2018 Bristol Rhythm & Roots Reunion – photo by Teresa Gereaux
Bristol Rhythm and Roots Reunion celebrated its 18th year, September 21-23. Rhythm and Roots takes over downtown Bristol with four major outdoor stages, one on State Street, where half the band literally plays across the Virginia/Tennessee state line. Several other big outdoor stages are located around the downtown area and nearly every restaurant, brewery, and music hall serves as a festival stage.
Rhythm and Roots serves up a wide variety of country music, Americana, bluegrass, alt-country, folk, and plenty of bluegrass. The Country Mural Stage hosts many of the bluegrass groups. The permanent mural there depicts the Big Bang of Country Music — the Bristol Sessions — with Jimmy Rodgers and The Carter Family. Many artists and groups note the historic nature of the city. Carter Family and Jimmy Rodgers songs were played by several bands to honor the heritage of the music created in this place.
Several artists had connections to the Bristol area. Most notably, Doyle Lawson, who lives in Bristol and grew up in the area. He drew a large crowd to close out the Country Mural Stage on Sunday evening. Doyle Lawson and Quicksilver gave the hometown crowd a strong, tight set of bluegrass with some beautiful harmonies on the a capella Gospel numbers. Doyle is surely one of the sharpest dressers too!
Other groups mentioned regional family connections. Sierra Hull said her husband, Justin Moses’ grandmother lives in the area, and Larry Keel said his mother is from Clintwood. This all brings a family feel to the festival. Everyone shares a connection of some note.
Molly Tuttle was the big bluegrass draw on Friday night at the Mural stage. She was fresh off the big win of Americana Instrumentalist of the Year. Everyone wanted to see what she was all about and she delivered a tight and confident show. Her set included John Hartford’s Gentle on My Mind, as well as traditional songs she learned from groups like The Dillards or The Johnson Mountain Boys. Her set included two numbers co-written with Sarah Siskind: The High Road and Take the Journey. She also shared Sit Back and Watch It Roll and A Million Miles, two songs that will be on her upcoming album. She also did White Freightliner Blues and Cold Rain and Snow.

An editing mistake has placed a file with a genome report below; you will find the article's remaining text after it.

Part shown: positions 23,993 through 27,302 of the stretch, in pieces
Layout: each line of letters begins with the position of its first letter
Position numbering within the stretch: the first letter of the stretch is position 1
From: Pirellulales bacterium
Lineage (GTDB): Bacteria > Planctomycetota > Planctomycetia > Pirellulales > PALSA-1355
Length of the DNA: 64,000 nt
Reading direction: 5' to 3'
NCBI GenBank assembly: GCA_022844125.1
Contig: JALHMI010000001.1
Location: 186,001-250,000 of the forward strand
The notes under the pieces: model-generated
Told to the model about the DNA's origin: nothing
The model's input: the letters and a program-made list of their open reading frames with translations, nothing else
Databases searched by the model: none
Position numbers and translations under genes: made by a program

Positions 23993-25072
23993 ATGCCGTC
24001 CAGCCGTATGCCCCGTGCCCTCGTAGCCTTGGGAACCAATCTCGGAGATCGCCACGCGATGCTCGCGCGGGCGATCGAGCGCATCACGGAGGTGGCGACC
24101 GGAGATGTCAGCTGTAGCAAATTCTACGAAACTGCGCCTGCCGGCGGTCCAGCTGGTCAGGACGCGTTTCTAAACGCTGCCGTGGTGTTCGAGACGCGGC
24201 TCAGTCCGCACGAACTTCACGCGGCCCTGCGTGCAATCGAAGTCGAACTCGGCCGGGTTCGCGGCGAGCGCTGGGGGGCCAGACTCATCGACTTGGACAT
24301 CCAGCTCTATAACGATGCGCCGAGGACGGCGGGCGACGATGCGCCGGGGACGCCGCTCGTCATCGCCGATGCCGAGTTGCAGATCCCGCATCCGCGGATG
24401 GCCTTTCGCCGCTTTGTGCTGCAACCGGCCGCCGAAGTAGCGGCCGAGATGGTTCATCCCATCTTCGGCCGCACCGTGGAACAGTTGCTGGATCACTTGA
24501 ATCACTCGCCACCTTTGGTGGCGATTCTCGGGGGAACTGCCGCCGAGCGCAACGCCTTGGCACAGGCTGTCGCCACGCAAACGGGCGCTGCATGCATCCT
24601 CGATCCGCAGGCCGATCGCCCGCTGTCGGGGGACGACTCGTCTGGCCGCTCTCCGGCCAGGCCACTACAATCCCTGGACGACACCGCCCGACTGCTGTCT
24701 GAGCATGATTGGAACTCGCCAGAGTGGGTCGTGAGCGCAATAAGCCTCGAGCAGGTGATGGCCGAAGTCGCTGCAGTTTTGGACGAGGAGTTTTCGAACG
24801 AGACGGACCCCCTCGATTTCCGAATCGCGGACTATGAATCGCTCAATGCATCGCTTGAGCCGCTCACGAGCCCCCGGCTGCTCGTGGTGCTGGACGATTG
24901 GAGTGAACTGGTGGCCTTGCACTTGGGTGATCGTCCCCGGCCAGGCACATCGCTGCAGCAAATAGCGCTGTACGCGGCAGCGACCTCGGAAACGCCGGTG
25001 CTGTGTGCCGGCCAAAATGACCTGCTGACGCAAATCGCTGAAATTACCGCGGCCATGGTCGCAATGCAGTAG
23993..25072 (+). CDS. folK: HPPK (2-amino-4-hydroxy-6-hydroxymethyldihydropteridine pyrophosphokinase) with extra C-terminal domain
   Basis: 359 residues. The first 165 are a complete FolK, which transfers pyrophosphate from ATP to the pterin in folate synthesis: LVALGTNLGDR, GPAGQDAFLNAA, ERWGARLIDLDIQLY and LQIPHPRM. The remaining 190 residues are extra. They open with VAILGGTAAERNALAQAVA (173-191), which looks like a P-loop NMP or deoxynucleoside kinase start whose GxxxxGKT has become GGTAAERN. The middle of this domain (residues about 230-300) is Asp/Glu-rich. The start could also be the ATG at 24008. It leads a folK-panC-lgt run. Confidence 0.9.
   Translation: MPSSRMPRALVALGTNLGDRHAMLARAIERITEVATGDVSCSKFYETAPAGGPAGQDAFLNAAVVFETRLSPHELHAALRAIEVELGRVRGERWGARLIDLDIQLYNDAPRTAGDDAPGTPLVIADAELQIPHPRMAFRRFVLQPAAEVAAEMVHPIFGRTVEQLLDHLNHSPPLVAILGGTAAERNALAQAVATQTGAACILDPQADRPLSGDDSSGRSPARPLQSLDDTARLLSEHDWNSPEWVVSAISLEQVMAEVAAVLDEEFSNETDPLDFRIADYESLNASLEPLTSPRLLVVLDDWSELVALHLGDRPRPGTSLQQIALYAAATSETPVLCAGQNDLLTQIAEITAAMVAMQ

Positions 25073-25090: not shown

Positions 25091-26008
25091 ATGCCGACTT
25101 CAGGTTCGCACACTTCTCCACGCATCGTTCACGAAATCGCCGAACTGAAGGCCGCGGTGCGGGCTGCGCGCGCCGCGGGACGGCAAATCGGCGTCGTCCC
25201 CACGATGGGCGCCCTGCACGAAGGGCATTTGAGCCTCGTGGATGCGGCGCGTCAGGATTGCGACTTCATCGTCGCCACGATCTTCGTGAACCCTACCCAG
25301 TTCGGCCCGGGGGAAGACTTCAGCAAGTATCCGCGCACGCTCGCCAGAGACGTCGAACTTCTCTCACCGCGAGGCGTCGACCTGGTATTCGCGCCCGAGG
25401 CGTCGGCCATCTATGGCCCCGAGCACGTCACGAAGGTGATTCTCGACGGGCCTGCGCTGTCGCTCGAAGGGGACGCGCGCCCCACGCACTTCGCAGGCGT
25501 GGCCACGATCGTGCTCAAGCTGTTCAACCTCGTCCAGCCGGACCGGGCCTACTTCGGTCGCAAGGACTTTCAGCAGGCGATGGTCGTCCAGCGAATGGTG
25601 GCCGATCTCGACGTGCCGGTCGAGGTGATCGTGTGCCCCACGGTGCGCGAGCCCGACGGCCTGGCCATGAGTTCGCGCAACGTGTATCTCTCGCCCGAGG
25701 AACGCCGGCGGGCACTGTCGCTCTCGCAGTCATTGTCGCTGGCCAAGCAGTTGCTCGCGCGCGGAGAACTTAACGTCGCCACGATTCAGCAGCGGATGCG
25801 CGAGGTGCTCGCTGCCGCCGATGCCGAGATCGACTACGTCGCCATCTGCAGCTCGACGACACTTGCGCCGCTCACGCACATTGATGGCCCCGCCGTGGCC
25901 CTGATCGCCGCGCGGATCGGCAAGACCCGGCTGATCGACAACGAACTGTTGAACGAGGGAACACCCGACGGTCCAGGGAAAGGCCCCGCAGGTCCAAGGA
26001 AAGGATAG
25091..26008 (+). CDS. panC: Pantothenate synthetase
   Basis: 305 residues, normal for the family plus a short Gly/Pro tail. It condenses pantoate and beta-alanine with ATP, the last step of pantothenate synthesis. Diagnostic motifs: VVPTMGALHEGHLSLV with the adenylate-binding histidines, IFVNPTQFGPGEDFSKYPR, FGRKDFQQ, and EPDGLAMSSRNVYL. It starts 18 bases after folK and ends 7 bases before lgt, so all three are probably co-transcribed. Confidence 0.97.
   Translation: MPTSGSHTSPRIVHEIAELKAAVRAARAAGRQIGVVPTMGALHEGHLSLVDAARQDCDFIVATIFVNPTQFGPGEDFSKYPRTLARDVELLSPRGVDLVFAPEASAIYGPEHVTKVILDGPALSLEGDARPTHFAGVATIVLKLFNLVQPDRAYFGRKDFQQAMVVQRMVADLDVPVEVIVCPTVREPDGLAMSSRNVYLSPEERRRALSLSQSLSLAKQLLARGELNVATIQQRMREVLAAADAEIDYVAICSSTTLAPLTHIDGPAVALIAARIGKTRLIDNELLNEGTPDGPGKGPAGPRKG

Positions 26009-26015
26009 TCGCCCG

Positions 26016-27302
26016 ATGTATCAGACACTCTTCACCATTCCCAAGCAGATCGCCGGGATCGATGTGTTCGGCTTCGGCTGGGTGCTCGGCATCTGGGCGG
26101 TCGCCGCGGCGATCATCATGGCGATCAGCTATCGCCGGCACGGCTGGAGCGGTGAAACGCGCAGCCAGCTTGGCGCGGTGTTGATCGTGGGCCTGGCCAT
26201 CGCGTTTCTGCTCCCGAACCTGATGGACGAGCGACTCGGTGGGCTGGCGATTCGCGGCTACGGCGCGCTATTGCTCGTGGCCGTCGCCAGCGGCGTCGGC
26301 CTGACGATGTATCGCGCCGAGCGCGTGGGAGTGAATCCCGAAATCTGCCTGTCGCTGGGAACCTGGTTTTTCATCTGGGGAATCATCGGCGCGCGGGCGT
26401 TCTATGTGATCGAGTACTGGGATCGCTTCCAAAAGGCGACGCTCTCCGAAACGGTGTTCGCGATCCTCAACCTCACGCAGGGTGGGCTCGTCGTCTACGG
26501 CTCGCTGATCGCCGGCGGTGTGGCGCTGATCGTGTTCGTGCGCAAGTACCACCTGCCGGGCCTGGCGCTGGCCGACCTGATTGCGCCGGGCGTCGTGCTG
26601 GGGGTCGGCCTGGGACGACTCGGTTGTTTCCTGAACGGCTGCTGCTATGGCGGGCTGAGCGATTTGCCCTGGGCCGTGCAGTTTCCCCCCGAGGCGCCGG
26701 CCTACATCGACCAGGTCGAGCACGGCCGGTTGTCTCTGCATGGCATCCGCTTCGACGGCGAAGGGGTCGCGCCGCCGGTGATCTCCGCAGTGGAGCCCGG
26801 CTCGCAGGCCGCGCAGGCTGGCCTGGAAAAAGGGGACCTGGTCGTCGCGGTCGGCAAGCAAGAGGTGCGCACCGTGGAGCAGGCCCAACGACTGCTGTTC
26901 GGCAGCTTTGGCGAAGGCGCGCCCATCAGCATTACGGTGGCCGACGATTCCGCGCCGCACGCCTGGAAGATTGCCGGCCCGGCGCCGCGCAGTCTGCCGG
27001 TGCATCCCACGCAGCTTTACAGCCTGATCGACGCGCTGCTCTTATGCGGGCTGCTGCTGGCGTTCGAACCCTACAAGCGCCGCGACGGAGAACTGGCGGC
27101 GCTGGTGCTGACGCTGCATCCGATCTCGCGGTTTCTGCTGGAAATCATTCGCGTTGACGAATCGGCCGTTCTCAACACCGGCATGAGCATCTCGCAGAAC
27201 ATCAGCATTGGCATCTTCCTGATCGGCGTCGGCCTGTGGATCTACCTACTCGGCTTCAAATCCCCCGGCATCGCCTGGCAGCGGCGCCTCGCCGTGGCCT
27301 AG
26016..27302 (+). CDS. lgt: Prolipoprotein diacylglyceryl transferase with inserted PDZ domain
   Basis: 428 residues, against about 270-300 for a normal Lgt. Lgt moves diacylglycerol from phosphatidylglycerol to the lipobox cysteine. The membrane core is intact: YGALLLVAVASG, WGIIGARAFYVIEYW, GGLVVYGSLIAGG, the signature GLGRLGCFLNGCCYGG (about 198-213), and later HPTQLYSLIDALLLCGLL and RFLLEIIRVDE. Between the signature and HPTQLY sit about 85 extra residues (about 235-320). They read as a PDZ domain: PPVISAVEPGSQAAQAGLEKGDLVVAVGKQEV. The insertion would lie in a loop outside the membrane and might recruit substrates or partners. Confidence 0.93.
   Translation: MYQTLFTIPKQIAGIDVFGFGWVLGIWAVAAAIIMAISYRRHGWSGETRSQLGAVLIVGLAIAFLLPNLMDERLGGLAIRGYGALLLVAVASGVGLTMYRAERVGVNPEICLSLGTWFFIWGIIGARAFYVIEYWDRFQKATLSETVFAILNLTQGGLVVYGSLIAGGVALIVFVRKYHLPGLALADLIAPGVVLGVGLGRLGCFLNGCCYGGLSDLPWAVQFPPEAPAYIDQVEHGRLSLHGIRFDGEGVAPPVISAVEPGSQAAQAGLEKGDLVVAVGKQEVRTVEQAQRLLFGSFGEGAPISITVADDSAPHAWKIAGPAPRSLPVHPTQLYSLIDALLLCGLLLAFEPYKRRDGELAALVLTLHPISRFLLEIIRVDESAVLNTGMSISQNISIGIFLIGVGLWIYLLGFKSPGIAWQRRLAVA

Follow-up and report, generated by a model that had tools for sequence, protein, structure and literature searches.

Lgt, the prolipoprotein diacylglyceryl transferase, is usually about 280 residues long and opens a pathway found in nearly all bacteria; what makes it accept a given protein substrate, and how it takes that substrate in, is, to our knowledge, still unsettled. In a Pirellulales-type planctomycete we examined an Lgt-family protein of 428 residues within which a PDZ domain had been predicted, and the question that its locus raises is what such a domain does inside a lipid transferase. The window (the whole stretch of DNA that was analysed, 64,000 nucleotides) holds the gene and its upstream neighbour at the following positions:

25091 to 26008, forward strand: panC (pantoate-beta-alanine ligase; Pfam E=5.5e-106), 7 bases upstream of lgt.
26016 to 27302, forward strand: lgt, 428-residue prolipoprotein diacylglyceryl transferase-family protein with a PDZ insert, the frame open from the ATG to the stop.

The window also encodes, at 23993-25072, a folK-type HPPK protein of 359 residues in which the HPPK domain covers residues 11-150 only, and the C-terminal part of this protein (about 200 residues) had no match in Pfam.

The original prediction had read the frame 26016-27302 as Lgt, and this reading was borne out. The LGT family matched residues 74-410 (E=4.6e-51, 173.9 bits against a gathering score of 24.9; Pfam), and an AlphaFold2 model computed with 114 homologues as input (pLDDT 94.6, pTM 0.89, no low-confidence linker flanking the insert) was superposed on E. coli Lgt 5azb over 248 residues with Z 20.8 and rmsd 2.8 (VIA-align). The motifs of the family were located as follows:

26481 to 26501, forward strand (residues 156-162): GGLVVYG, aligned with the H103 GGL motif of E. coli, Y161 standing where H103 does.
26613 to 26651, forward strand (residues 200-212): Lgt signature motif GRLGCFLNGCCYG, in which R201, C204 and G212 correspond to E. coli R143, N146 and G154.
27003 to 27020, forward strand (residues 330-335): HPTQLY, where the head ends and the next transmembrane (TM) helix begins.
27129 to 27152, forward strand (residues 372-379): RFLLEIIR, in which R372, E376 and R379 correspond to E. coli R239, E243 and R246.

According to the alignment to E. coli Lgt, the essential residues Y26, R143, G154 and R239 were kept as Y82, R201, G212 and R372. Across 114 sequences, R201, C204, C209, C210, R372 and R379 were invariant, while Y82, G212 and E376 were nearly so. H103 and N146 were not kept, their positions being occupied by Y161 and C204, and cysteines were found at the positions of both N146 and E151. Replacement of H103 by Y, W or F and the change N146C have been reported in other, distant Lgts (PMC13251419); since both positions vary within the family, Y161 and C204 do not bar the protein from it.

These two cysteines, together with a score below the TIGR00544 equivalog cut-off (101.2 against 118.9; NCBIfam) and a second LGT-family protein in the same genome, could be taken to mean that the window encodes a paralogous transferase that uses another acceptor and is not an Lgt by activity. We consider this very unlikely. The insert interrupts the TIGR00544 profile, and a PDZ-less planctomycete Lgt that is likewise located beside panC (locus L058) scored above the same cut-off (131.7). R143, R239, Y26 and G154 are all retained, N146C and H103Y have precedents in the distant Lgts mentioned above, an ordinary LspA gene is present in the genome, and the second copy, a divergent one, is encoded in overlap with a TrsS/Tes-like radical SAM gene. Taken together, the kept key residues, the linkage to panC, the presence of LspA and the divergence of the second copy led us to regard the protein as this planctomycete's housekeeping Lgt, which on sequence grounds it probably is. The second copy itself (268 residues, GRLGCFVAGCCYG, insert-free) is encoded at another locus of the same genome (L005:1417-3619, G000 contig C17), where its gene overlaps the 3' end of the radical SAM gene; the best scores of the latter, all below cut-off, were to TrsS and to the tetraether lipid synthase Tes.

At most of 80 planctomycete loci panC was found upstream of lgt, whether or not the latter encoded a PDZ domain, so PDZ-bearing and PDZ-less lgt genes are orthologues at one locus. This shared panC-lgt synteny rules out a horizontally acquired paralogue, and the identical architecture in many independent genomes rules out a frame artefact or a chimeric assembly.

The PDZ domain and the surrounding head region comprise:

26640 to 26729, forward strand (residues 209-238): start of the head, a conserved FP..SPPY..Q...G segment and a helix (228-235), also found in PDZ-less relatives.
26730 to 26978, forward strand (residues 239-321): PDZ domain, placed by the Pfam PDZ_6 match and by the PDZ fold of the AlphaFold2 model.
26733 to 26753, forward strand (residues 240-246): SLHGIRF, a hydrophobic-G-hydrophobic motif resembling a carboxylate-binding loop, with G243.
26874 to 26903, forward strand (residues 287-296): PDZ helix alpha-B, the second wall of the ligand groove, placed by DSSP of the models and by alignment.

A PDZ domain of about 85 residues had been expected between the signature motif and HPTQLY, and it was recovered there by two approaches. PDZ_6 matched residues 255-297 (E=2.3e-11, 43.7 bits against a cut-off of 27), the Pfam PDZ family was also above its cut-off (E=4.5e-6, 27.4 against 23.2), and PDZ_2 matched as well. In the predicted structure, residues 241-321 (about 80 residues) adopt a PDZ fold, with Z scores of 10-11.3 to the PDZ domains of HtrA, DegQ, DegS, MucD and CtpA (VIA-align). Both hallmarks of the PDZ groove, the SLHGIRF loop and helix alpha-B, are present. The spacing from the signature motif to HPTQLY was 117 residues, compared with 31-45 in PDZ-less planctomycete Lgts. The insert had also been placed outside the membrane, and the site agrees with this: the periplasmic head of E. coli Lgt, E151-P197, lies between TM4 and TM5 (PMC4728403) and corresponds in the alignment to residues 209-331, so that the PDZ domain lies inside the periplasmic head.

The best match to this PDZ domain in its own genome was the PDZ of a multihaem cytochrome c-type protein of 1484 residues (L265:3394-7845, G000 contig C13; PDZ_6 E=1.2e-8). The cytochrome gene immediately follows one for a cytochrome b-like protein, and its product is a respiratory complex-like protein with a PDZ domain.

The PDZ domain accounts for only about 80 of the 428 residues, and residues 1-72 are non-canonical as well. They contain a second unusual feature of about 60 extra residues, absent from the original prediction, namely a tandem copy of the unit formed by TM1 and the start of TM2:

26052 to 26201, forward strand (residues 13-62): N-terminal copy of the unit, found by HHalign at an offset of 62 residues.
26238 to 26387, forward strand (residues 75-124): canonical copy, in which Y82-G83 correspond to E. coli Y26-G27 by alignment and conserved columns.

Missy Raines and the New Hip gave a great show to the big crowd at the Country Mural Stage. Hers is a strong band and the crowd appreciated their brand of bluegrass.
Also delighting audiences at the Mural stage were Balsam Range, Carson Peters, and Blue Highway.
Sierra Hull’s beautiful voice and amazing musicianship were on full display over the weekend. She played and shared stories with the appreciative audience, many who have been fans of hers from the start.
The Cumberland Square Park stage hosted several fine bands. Larry Keel Experience gave an energetic and hot set of progressive bluegrass. His show was a mix of all sorts of music. “I like to mix Carter Family with Jimi Hendrix and Bill Monroe,” Keel said. “They’ve all got good points in there.” He dedicated I’m No Doctor to his mother. His set also include a great collaboration with Steve and Bryon McMurray from Acoustic Syndicate.
Acoustic Syndicate played the Cumberland stage next and they gave the crowd a fantastic, tight mix of bluegrass and Americana with some rock covers. It was a fantastic show.
The Cleverly’s held a crowd at the Cumberland Square Park despite a strong downpour. Their set combines bluegrass and humorous stories about the band’s history and adventures.
Jams and busking are a definite part of the festival. Buskers dotted State Street to lend some tunes to those shopping the vendor booths.
Maybe it was planned that way or maybe it was the sun and humidity, but somehow the Possum Creek Playboy reunion ended up in the shade under a small bridge beside the stage. This reunion of several old time bluegrass bands was a fun and spirited jam session.
Tony Williamson is a North Carolina Heritage Award winner, one of the many awards he’s received over his long career. He shared his love of music with the fans at the Near Moore Stage. We loved the stage area which was decorated with vinyl album flowers.
The Steeldrivers headlined the Piedmont Stage on Saturday night. Fiddle player and singer Tammy Rogers is from Rogersville, Tennessee so the show was a bit of a homecoming for her. The ‘Drivers sounded strong and they has a great connection with the crowd.
Festival headliners included blues legend Taj Mahal Trio and Railroad Earth on Friday night. Saturday night’s headliners included the Marcus King Band and Old Crow Medicine Show.
Sunday was a Texas honky tonking swing kind of day with Dale Watson followed by Asleep at the Wheel, led by the amazing Ray Benson.
Rhythm and Roots is a great mix of national and local bands. It’s a fine reminder that you can find someone playing bluegrass, country, Americana, swing, blues, or something just about any night in Bristol. Many of the festival stages and venues host music all year long. Stop by sometime and check them out!
Birthplace of Country Music Museum was open to guests throughout the weekend, and Radio Bristol hosted a roundup of festival acts for the Farm and Fun Time radio broadcast.
The museum presented several screenings of the documentary, Born in Bristol: The Untold Story of the Birth of Country Music. Unfortunately, we missed that but heard from several people that it was wonderful.
Rhythm and Roots closed out with a 50th anniversary tribute to Folsom Prison Blues, hosted by the New Familiars.